Mythology in Language
Greek mythology has largely contributed to many of the words, phrases, and expressions in our language. And not exclusively the English language, but also many others as well: French, Spanish, Italian, etc. Greek mythology, and also the Latin (Roman) myths, can claim influence of much you may recognize in the table of terms and phrases listed below. While it is still debatable about which came first, the words or the myths, no one can doubt that the mythology itself catered to us in a way you may not have even realized: your language.
It should be noted before you view this chart that not many of Greek mythology's have been included, contributions, terms, phrases, or otherwise. And this is by no means "scholastic" per se. It is just a little of FYI for those who are curious.
Meaning: A person's weak spot.
Greek Myth: A hero of the Trojan War, Achilles was a Greek hero whose mother Thetis was a Nereid, or sea goddess. Since Achilles was destined to die young, Thetis dipped him into the river Styx, which would render him invincible. However, she had held him by the heel, thus leaving a vulnerable area. He would later die, as prophesized, by an arrow to his heel.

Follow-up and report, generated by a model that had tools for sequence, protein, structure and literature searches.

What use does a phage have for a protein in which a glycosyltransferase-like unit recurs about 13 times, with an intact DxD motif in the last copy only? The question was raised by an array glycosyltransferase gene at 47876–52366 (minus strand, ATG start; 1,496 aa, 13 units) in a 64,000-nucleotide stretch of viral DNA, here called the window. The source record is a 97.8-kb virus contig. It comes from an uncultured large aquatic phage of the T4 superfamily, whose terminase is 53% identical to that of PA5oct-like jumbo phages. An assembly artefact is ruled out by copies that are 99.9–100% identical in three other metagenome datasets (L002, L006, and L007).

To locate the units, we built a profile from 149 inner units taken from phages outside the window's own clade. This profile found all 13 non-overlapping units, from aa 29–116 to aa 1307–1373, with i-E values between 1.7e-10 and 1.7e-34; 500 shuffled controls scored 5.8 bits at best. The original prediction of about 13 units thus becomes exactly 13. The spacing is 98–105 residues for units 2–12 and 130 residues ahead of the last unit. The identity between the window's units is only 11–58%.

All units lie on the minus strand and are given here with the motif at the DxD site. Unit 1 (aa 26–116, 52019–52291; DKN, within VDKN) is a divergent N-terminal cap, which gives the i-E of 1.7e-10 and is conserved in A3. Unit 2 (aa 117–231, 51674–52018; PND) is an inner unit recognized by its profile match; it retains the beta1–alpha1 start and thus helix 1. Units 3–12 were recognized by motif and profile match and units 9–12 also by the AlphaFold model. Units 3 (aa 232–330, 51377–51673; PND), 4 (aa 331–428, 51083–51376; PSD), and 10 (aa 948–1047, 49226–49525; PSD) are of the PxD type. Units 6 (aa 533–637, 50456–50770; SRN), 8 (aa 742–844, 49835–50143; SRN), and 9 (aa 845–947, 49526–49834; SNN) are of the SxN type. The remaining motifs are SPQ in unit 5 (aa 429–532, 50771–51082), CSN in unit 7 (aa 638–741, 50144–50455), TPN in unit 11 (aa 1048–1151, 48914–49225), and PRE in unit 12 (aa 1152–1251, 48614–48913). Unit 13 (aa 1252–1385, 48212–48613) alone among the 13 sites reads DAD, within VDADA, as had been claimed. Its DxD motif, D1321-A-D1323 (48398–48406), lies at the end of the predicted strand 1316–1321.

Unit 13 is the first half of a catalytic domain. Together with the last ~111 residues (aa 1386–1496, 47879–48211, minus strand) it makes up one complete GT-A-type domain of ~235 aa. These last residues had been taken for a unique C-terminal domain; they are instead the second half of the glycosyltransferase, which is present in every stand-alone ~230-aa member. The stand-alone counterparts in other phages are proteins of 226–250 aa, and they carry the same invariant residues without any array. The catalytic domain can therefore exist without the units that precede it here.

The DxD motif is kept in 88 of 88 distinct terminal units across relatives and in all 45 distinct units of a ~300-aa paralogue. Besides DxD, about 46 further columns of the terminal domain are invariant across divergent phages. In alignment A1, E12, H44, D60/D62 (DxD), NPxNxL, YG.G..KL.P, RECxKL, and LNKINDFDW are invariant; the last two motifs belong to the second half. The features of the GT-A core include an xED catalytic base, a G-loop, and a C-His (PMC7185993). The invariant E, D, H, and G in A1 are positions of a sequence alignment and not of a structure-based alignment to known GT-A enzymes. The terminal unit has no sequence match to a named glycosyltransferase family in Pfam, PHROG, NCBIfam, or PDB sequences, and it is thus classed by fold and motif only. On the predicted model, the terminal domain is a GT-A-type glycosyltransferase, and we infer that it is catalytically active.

Meaning: A handsome young man.
Greek Myth:A product of incest, Adonis was a beautiful youth whom the goddess of love, Aphrodite, eventually fell in love with. Adonis was tragically killed by Aphrodites other lover Ares , diguised as a boar.
Also used to indicate a beautiful male: Apollo (god of music and prophesy)
Meaning: A strong, husky woman
Greek Myth: From a race, as the Greeks described them, of warrior women. The word Amazon itself is Greek for "breastless", and it was widely believed Amazons severed a breast in order to shoot an arrow with greater ease.Yowch!
Beware of Greeks Bearing Gifts...
Meaning: Be weary of anyone offering something; they may have an ulterior motive.